One must use a one-time key system for the swap partition, and be mindful of services that index files for "find" or logs etc.

Recently, ext4 partitions added support for native user-level file encryption, but it is a method that can't be considered stable across the *nix ecosystem.

Some use an NFS to mount a remote resource, have a physical tamper detection circuit in the enclosure, and avoid the local access issues altogether.

And finally, public key systems like gpg by design allow one to compress local files into an encrypted state without knowing the private key. Unfortunately, this usually still leaves bits of the file in swap file memory and on other areas of unencrypted disks where the file was initially created.

So in conclusion:
1. check the signature of your boot area kernel files to detect alteration (not really possible on Pi)
2. check the signatures of fast-access area of unencrypted root application files (any changes to the binaries?)
3. use one-time key encrypted swaps
4. locally decrypt device and user specific disk mounts using external key/resources off an NFS
5. ...
6. login to account to use file level encryption
7. read XKCD to understand why none of this matters: https://www.xkcd.com/538/

If you are designing a product, than you should focus on DRM systems like the one Nintendo chose:
https://www.nvidia.com/object/tegra-superchip.html

Personally, I buy things that don't have these DRM features for obvious reasons, as it is essentially a factory deployed root-kit with zero accountability (see Intel management engine for details).

Best of luck, ;-)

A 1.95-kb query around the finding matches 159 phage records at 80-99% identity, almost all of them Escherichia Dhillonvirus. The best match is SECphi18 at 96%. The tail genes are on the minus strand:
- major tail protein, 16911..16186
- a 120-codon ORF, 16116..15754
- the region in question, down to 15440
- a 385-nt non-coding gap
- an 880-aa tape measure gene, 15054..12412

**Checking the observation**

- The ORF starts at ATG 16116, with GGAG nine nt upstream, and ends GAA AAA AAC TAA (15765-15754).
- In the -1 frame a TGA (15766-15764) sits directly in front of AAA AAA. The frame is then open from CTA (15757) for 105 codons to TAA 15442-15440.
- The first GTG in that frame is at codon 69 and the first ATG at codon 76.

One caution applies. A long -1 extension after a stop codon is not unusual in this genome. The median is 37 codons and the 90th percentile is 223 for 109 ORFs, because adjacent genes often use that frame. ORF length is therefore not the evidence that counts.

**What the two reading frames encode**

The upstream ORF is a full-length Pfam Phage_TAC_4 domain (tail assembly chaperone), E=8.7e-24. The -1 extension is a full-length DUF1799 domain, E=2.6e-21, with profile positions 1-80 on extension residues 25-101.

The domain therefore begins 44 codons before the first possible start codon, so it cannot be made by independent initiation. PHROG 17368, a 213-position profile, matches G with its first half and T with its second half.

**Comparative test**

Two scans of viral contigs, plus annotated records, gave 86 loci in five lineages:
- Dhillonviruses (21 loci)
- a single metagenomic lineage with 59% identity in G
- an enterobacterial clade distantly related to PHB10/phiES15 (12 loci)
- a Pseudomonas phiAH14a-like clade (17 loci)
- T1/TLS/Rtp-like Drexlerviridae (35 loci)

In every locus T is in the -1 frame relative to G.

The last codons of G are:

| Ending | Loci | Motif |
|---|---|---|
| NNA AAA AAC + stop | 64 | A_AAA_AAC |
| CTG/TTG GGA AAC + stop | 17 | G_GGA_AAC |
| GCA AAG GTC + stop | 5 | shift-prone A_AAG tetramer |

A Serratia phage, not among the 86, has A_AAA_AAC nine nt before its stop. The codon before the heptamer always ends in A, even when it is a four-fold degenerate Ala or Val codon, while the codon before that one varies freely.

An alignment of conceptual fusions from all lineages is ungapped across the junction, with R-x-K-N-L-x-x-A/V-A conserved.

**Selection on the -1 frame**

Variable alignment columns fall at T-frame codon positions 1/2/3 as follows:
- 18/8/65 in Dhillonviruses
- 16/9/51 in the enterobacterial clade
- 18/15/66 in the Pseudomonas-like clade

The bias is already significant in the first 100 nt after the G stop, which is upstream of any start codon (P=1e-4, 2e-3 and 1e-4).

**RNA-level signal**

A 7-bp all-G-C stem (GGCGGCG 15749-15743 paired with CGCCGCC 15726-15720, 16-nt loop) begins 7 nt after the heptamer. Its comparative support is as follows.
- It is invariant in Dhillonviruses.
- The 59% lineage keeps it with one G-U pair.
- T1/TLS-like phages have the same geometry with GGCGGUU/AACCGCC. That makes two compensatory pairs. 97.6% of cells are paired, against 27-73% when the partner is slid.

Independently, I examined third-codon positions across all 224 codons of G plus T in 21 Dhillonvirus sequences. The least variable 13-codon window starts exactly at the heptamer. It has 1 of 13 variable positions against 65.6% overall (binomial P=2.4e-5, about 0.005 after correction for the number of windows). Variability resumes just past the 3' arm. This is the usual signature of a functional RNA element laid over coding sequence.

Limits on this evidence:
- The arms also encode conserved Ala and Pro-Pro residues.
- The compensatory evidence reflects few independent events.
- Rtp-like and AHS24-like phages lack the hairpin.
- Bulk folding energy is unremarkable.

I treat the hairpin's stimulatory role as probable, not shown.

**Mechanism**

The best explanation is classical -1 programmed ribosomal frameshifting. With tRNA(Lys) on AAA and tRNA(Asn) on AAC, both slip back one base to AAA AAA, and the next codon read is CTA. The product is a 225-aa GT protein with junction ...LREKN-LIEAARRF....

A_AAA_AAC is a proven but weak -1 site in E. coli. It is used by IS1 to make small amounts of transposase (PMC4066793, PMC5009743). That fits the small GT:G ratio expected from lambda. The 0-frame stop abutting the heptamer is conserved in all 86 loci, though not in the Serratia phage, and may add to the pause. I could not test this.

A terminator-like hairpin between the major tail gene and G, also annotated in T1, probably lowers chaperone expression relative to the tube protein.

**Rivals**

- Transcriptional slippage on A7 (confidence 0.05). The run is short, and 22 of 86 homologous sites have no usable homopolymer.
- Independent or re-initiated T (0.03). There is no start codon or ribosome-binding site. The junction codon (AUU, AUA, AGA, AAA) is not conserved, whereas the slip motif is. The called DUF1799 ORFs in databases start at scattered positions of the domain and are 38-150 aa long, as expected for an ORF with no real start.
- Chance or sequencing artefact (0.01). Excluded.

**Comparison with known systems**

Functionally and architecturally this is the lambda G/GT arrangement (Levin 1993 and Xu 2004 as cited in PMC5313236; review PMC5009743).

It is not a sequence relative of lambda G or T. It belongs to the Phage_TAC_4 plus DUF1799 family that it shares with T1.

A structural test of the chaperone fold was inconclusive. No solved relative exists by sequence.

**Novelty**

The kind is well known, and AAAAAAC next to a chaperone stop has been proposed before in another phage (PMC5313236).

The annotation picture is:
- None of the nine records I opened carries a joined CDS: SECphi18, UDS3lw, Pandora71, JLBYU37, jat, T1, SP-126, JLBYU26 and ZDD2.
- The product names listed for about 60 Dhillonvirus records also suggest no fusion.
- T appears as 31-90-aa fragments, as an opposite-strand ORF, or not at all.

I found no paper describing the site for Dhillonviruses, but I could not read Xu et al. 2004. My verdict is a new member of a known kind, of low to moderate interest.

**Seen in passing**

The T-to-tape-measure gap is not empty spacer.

~J~

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sakaki
Posts: 466
Joined: Sun Jul 16, 2017 1:11 pm

Re: Security

Wed Nov 14, 2018 3:28 pm

Barnali,

it's not completely clear what your threat model is here, but without an integrated hardware root of trust, nor any secure non-volatile storage for keys, a baseline RPi3 won't let you do what you (probably) want.

If you search on these forums you can find many posts about ways to at least partially encrypt microSD cards. Problem is that you will generally be relying on an unauthenticated kernel + initramfs booted from the non-encrypted first partition to unlock the remainder. If you don't want to enter the (LUKS or similar) passphrase via keyboard, this too will then have to be stored on the non-encrypted part of the drive. Tricks like pulling an encrypted key across the net at boot time still fail transitively to this issue.

If you were willing to add hardware to address this, then Zymbit have a plug-in root-of-trust module. Not one I have tried (breaking into ^-^) personally, but for completeness here is a link about setting up an encrypted root:
https://community.zymbit.com/t/encrypt- ... -crypt/150